Ireland: 23 pregnant women have been in custody in prison this year
A total of 23 pregnant women have been in custody in the country’s two female prisons so far this year, new figures have revealed.
Justice Minister Charlie Flanagan has confirmed that 19 pregnant women have been cared for in the Dóchas Centre in Dublin – the female prison located within the Mountjoy Prison campus – and four pregnant women in Limerick Prison.
It is the first time the Irish Prison Service has released figures about the number of pregnant women in custody as it previously believed that the publication of such data would have breached patient confidentiality.
However, Mr Flanagan said the IPS was now satisfied that the disclosure of such information would not breach data protection or patient confidentiality rules.
Figures show that 21 pregnant women were also in custody in both 2017 and 2018 across the two prisons. In reply to a parliamentary question from Independent TD, Tommy Broughan, Mr Flanagan also revealed that ten women had given birth since 2016 while in custody.
Mr Flanagan stressed that expectant mothers were always facilitated to have their children born in hospital. He said: “No babies have been born within the confines of a prison”. Mr Flanagan said he was advised by IPS officials that the level of maternity care provided to women in custody was “comparable to that available to women in the community”.
The minister said it was provided on a shared care arrangement between the maternity hospital to which the patient was referred and the healthcare team in either the Dóchas Centre or Limerick Prison.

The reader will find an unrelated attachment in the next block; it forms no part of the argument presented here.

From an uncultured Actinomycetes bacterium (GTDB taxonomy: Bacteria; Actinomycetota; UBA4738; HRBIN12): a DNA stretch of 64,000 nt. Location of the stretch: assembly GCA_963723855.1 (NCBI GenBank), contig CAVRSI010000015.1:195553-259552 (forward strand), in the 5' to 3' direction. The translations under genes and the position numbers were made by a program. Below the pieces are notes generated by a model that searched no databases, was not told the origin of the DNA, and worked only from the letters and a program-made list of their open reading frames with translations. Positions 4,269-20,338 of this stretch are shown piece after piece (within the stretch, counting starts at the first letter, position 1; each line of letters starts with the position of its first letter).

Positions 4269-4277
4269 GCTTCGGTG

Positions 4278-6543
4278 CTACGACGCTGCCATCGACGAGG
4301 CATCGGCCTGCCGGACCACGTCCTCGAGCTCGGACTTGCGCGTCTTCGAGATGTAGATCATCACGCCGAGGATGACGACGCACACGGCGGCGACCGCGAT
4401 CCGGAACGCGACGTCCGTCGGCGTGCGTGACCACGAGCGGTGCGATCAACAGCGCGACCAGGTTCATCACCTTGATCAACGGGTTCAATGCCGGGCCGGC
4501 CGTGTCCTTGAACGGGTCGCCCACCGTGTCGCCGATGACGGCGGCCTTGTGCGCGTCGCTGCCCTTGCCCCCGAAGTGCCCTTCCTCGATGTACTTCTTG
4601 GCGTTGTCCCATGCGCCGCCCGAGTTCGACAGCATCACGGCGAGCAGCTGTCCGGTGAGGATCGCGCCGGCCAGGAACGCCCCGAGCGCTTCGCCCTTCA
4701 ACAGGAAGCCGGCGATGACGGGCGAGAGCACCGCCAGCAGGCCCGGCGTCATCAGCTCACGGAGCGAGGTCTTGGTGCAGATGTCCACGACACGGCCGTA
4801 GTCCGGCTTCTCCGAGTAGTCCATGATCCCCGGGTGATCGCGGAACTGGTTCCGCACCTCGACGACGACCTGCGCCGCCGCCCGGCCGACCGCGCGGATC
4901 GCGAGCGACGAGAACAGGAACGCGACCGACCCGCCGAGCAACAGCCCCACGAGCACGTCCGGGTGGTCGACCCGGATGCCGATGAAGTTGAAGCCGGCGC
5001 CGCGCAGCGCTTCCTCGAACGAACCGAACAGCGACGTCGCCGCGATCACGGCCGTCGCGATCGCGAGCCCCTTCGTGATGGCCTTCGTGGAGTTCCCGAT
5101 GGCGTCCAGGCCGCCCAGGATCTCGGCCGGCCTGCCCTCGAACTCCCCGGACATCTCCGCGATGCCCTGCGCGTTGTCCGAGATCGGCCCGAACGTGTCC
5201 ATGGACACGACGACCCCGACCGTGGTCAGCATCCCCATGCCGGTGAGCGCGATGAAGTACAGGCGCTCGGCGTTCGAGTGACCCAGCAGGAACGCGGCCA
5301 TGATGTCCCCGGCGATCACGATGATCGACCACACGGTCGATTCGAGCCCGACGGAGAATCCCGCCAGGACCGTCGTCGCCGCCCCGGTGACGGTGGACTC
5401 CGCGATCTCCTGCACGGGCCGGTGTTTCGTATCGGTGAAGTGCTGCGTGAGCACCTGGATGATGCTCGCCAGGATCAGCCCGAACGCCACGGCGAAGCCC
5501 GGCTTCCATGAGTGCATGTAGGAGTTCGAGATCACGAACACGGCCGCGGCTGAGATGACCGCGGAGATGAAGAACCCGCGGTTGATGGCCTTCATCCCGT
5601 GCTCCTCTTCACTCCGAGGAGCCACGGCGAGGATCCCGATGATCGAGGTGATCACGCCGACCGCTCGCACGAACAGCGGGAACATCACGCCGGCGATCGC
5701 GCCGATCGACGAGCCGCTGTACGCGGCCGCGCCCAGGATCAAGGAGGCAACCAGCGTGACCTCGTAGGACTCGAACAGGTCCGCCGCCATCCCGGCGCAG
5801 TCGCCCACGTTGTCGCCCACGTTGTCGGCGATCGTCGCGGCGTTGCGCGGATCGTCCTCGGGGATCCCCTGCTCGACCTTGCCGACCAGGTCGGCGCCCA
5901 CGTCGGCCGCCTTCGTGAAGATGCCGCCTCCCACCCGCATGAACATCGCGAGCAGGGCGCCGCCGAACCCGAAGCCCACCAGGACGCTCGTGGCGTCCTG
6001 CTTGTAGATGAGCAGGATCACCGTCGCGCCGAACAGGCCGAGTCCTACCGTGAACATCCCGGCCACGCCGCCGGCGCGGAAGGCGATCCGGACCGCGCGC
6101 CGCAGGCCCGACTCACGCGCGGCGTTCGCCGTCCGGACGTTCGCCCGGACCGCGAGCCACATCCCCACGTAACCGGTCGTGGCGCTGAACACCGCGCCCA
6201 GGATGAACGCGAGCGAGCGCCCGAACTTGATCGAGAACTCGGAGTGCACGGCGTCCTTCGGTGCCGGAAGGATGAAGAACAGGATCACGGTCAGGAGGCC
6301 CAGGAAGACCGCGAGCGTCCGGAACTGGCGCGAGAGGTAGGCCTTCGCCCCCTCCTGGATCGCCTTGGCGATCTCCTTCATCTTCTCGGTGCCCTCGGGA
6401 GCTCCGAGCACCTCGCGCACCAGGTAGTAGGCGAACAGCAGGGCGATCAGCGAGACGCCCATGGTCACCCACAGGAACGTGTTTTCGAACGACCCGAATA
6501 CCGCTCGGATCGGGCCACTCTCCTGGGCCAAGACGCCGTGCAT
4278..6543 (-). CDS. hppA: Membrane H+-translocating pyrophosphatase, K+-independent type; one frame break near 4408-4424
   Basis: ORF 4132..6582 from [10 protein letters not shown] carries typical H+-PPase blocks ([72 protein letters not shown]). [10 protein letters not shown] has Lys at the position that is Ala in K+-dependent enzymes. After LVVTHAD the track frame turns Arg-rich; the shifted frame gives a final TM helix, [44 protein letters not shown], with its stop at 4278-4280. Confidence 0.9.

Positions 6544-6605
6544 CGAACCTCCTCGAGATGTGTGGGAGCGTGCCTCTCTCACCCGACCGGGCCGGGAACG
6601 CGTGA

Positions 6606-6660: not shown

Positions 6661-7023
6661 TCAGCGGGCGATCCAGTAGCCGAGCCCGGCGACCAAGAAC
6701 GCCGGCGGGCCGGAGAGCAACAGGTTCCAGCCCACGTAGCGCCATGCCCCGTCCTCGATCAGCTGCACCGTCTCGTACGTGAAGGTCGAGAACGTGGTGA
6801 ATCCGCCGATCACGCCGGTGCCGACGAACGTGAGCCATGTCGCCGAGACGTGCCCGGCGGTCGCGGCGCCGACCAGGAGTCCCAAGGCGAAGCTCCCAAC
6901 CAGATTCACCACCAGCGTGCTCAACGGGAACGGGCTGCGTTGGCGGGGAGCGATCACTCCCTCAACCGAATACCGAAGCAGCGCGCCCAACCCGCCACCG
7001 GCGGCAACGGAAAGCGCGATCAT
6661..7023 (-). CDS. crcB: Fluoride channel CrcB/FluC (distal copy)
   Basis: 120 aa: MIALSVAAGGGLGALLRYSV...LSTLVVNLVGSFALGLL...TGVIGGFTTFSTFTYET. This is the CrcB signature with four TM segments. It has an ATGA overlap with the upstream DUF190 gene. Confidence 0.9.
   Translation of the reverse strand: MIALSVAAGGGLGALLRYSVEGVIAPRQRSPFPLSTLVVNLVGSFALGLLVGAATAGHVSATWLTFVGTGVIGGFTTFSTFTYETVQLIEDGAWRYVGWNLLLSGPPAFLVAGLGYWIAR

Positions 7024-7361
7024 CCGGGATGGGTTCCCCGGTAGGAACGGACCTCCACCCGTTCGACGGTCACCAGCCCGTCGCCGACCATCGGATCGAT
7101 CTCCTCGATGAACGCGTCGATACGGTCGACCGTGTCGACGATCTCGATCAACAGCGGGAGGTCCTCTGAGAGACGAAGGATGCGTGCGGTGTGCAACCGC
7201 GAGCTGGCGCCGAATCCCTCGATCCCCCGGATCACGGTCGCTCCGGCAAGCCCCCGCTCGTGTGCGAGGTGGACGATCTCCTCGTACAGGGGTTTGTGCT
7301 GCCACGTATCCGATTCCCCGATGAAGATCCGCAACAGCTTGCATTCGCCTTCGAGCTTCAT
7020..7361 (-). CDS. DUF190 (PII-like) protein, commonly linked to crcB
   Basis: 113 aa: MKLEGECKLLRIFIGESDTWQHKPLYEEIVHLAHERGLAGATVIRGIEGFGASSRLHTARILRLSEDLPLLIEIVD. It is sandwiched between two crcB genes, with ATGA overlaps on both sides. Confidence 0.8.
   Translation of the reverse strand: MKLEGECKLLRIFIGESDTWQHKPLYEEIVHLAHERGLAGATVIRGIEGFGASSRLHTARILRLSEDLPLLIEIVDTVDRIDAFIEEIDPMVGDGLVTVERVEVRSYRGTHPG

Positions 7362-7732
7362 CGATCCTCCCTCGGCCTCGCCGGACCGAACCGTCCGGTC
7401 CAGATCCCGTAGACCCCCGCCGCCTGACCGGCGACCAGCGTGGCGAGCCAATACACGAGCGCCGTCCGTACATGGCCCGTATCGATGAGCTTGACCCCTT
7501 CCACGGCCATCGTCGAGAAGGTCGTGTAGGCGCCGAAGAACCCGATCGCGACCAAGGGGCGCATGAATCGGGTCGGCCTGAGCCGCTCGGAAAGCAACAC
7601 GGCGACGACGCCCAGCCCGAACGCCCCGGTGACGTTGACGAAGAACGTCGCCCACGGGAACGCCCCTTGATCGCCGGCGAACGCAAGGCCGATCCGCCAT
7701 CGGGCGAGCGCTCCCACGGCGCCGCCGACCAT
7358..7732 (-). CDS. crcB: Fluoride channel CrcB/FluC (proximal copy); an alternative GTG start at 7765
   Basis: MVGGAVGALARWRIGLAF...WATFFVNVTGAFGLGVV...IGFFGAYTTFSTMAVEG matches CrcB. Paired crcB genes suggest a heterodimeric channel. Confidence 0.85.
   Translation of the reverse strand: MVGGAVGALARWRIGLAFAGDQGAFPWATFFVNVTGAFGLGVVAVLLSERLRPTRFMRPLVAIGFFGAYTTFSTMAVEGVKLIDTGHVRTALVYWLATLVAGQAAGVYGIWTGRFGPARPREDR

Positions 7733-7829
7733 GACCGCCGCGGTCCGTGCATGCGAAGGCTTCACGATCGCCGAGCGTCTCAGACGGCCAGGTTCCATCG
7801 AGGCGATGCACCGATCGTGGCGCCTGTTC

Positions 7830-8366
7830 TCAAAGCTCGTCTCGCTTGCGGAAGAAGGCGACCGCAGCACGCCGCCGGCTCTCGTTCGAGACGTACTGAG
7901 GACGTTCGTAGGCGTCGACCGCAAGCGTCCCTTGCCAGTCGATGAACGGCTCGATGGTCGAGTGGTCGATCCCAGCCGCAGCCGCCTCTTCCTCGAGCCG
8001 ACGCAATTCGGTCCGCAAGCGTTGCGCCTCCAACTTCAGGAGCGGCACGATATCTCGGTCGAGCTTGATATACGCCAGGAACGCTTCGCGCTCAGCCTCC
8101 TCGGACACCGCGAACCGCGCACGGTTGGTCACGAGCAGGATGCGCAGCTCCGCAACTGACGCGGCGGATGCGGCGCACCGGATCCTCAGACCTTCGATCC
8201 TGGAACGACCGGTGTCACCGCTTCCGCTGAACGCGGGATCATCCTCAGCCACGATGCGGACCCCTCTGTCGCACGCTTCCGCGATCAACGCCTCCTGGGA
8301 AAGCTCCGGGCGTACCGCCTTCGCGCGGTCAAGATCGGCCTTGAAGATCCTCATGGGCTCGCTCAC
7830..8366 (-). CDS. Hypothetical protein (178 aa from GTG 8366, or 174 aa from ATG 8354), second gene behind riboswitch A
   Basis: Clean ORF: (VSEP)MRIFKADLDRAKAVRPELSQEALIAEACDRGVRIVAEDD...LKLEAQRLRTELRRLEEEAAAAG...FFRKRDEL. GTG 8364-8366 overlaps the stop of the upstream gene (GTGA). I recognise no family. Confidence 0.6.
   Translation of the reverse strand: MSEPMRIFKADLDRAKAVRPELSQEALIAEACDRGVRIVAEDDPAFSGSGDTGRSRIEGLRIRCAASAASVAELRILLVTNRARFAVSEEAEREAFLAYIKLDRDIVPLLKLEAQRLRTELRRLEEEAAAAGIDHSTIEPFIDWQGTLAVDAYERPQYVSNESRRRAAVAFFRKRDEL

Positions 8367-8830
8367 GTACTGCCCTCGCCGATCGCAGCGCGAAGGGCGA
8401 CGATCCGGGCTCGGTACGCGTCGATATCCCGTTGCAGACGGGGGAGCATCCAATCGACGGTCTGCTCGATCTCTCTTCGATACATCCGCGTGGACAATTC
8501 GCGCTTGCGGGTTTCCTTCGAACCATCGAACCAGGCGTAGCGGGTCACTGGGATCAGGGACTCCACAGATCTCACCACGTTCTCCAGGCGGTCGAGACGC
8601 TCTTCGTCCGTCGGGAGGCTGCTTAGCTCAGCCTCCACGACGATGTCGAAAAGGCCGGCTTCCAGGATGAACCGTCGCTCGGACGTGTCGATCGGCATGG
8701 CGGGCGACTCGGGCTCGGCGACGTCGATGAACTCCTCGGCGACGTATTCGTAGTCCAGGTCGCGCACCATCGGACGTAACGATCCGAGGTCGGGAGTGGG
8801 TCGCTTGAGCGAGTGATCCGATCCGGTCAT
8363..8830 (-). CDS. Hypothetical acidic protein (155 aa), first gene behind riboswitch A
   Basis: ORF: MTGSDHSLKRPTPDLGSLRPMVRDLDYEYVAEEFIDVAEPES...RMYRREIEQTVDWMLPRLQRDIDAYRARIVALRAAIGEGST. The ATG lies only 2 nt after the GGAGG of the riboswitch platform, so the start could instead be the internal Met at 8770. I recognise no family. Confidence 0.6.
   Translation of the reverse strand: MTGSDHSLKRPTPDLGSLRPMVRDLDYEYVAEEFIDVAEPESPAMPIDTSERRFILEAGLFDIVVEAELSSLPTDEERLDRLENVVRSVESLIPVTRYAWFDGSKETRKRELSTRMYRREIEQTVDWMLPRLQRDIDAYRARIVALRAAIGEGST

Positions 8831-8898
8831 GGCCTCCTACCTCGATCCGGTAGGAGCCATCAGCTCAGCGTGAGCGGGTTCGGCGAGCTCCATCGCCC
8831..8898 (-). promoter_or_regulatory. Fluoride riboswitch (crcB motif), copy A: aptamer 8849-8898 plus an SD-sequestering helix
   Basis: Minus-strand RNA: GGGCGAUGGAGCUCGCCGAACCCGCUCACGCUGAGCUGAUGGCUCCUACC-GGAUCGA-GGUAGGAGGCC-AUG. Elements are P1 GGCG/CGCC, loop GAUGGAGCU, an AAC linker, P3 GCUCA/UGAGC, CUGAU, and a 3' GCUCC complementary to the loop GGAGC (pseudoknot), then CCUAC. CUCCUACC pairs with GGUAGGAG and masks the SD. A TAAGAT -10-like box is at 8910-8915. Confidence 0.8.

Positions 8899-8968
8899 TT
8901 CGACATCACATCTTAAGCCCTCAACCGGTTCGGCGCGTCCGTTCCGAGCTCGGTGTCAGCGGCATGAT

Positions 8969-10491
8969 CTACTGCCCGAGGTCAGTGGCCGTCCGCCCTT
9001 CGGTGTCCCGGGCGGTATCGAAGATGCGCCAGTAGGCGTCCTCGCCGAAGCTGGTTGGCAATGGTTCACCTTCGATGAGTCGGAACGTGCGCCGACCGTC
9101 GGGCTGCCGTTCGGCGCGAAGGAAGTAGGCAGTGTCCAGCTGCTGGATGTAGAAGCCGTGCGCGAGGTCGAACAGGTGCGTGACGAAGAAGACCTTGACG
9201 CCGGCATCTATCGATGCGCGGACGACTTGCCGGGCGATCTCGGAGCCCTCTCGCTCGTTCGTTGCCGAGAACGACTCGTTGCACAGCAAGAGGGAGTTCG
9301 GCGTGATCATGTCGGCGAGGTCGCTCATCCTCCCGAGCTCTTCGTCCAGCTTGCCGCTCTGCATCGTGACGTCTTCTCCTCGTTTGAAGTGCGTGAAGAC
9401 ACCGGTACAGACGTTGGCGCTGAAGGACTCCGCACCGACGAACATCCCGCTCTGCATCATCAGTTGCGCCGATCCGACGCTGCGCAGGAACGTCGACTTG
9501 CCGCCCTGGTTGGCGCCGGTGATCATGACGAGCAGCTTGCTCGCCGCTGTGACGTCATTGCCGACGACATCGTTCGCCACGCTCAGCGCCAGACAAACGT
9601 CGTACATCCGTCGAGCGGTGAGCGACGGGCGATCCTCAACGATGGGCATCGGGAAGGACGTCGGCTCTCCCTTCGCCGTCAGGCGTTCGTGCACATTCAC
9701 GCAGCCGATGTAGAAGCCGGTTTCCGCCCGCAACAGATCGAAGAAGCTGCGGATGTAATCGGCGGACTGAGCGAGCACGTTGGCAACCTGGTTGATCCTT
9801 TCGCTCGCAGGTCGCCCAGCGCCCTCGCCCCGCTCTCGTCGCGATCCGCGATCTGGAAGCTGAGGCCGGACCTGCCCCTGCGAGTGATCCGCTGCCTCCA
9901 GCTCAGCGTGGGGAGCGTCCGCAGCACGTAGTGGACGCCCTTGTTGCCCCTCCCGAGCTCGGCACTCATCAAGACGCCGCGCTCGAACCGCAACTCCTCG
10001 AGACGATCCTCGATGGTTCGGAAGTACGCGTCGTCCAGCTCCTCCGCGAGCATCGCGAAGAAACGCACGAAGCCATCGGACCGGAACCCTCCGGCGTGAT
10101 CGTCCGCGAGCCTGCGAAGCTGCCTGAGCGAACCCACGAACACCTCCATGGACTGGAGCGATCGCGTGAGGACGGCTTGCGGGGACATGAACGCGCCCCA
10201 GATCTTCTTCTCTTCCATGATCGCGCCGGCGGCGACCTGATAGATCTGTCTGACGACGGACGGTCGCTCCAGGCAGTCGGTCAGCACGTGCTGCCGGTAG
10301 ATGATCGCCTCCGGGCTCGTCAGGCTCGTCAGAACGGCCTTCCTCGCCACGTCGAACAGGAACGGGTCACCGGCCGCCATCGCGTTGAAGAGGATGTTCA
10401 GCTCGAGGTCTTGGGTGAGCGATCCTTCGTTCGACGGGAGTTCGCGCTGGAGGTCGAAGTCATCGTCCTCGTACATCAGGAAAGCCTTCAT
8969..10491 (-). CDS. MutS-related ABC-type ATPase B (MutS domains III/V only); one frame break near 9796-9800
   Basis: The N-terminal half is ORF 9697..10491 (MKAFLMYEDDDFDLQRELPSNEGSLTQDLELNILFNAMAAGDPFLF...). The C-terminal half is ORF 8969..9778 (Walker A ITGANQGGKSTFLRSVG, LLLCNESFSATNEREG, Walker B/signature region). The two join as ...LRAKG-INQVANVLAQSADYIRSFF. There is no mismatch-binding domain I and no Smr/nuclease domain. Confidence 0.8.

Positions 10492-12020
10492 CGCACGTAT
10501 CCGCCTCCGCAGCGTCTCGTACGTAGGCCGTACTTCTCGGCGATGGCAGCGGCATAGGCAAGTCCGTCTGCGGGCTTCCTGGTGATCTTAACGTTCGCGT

He confirmed that the Dóchas Centre has a mother and baby unit to where all expectant mothers from both female prisons were transferred during their last trimester.
The minister said all women stayed in the unit as long as their baby remained with them.
Prison rules allow for a child to remain in the care of their mother in prison until they are 12 months old.
Mr Flanagan said there were currently no babies living within the unit.
The HSE has responsibility for the provision of ante-natal education services with the number of classes decided between the HSE and maternity hospital.
The latest figures show 160 female prisoners were in custody in July - 124 in the Dóchas Centre and 36 in Limerick Prison.
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